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After months of escalating tension between Turkey and France, Turkish President Recep Erdogan is seemingly willing to pursue a truce with French leader Emmanuel Macron. The latest developments in Eastern Mediterranean and Libya alongside the unprecedented downturn in the Turkish economy are only a few of the factors that led the Turkish President in this differentiation.

The New Face of Paris and Macron’s Strategic Goals

Macron has clearly adopted a more decisive policy compared to his predecessors not only in domestic affairs – take the way he is handling the Gilets Jaunes uprising – but also in the field of international policy. Macron fully comprehends that France has historically been a major moving force in European and International politics. Seeing this role gradually degraded over the past few decades, he is apparently seeking to reestablish the robust presence of Paris on the global scene.

The imminent completion of Brexit will officially leave France as the only EU permanent member in the Security Council of the United Nations and probably the most credible power within the Union from a military perspective. In this respect the French President is steadily counterbalancing German influence and is preparing to set Paris as the European geopolitical benchmark for the long term.

At the same time Macron is not neglecting French interests in Middle East and Africa. The very concept of Mission Civilisatrice during the colonial era secured the French legacy in the aforementioned regions, with an impressive 33% of the African population speaking French as a first or second language, according to recent estimates.

France is the second-largest exporter to Africa and most French largest commercial groups have a strong presence in the Middle East and many areas of Africa through thousands of local offices and subsidiaries. The growing presence of French military missions across the continent on the top of that fully aligns with Macron’s grand ambitions for reviving the solid international standing of Paris.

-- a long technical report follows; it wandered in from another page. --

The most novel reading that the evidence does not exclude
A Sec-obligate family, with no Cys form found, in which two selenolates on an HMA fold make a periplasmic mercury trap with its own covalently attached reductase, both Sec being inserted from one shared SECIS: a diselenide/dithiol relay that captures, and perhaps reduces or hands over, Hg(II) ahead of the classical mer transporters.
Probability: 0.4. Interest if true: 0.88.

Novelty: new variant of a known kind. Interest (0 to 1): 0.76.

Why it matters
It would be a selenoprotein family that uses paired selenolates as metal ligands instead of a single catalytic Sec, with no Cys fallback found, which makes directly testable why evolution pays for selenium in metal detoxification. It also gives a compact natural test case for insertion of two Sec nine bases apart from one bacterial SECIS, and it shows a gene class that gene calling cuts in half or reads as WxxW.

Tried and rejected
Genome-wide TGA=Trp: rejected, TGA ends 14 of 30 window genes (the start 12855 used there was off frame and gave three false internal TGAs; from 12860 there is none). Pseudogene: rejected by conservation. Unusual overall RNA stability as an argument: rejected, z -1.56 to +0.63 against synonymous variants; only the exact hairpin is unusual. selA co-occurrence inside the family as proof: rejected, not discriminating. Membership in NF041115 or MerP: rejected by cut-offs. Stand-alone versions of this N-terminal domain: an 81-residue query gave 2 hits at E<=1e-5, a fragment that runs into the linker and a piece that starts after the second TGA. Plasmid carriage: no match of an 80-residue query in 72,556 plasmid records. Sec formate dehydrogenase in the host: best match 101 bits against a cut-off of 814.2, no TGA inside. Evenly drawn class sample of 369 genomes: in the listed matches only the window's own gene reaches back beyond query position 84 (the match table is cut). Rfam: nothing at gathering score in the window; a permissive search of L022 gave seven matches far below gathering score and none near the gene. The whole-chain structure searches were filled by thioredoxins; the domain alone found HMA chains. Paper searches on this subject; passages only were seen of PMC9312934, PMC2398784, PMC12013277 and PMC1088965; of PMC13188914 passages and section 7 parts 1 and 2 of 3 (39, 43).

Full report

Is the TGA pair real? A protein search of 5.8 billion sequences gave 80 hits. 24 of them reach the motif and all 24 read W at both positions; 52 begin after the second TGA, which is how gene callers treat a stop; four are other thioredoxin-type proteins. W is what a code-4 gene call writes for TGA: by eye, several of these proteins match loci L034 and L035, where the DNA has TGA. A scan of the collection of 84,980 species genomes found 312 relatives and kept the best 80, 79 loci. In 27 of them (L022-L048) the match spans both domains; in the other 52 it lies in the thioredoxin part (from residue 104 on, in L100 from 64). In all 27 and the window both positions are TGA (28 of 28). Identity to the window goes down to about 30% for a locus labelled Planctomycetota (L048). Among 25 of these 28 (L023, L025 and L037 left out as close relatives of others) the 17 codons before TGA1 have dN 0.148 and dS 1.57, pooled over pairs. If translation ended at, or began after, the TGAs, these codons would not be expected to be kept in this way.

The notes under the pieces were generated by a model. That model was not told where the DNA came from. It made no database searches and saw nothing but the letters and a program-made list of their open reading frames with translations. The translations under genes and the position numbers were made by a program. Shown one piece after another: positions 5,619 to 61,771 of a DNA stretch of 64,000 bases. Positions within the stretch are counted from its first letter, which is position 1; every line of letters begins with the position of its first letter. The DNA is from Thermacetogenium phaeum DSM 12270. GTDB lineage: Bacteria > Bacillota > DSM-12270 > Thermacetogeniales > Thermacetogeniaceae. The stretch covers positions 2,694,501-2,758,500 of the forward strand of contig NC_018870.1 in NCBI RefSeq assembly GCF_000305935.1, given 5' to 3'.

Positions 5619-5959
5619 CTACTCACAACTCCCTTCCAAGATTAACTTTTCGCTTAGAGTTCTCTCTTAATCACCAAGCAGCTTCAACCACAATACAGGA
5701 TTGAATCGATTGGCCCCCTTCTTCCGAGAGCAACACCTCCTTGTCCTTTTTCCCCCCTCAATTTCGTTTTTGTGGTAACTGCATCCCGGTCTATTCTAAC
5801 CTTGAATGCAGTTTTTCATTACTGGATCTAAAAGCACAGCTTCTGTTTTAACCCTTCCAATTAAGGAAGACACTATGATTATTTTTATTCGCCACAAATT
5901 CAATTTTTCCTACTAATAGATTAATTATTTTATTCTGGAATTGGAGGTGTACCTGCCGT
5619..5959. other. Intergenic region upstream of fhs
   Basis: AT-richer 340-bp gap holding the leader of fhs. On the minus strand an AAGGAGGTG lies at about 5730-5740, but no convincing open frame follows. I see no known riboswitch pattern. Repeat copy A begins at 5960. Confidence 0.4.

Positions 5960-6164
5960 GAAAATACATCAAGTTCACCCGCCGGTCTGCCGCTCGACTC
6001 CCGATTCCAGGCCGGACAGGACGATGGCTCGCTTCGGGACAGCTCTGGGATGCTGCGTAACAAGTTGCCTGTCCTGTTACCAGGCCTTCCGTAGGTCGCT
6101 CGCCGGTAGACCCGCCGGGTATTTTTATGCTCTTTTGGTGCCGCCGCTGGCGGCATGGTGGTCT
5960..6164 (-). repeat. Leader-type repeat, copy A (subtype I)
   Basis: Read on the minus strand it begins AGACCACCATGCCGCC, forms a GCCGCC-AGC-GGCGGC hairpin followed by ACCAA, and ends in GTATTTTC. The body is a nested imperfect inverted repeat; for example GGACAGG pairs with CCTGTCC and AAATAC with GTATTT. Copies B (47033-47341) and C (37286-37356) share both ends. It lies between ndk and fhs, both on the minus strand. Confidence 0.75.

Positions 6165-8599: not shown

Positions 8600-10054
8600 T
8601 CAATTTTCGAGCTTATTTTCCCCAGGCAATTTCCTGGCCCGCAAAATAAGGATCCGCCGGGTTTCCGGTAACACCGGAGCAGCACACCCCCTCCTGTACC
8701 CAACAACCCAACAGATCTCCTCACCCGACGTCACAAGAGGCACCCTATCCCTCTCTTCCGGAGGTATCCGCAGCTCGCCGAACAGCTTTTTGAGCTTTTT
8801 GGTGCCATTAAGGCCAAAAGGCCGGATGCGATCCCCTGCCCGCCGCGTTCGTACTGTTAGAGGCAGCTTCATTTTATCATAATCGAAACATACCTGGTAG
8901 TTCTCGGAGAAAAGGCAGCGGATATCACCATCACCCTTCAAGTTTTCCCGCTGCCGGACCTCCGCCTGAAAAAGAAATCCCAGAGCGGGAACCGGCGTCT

The French-Turkish Standoff

The regional antagonism between Ankara and Paris comes as an expected development when considering the Erdogan’s equally grand aspirations. Turkey has been also fortifying its international geopolitical footprint especially after 2015. As the AKP policy is fundamentally based upon the promotion of political Islam and the protection of the rights of fellow Muslims abroad, the Middle East and Africa is the ideal place to put the Turkish agenda into action.

The first signs of the French-Turkish standoff started showing on the Syrian front when France criticized consecutive Turkish interventions and expressed support for the YPG, a mostly-Kurdish militia based and operating in Syria, which Ankara has designated as a terrorist group. The next squaring off between the two countries was Libya, where Total – the colossal French energy producer – has a decades-long established presence; and this is just one proportion of the vital French invested interests in the country. The two powers are fiercely supporting opposing sides in the Libyan conflict, turning the local clash into a sort of proxy war between Turkey’s backing of the Government of National Accord (GNA) and the multi-national coalition where France holds a critical role.

The last front to fuel even more the tension between Ankara and Paris, has been in Eastern Mediterranean. Macron has fully supported the rights of Greece and Cyprus, Turkey’s major rivals in the region. This has been the latest and most significant point of friction, with Erdogan warning Macron to “stop messing with Turkey, or he would have serious problems.”

The French President preferred to be more careful with his statements, however he took a series of strategic steps to strengthen French positions and constrain the Turkish influence in the area. From the ongoing Rafale Deal with Greece to the proposed actions decided on during the MED7 meeting in Corsica, Macron’s intentions can be considered to constitute a considerable deterrent to Turkish ambitions.

Sarraj’s Upcoming Resignation in Libya and Turkey’s Economic Crisis are Softening Ankara’s Approach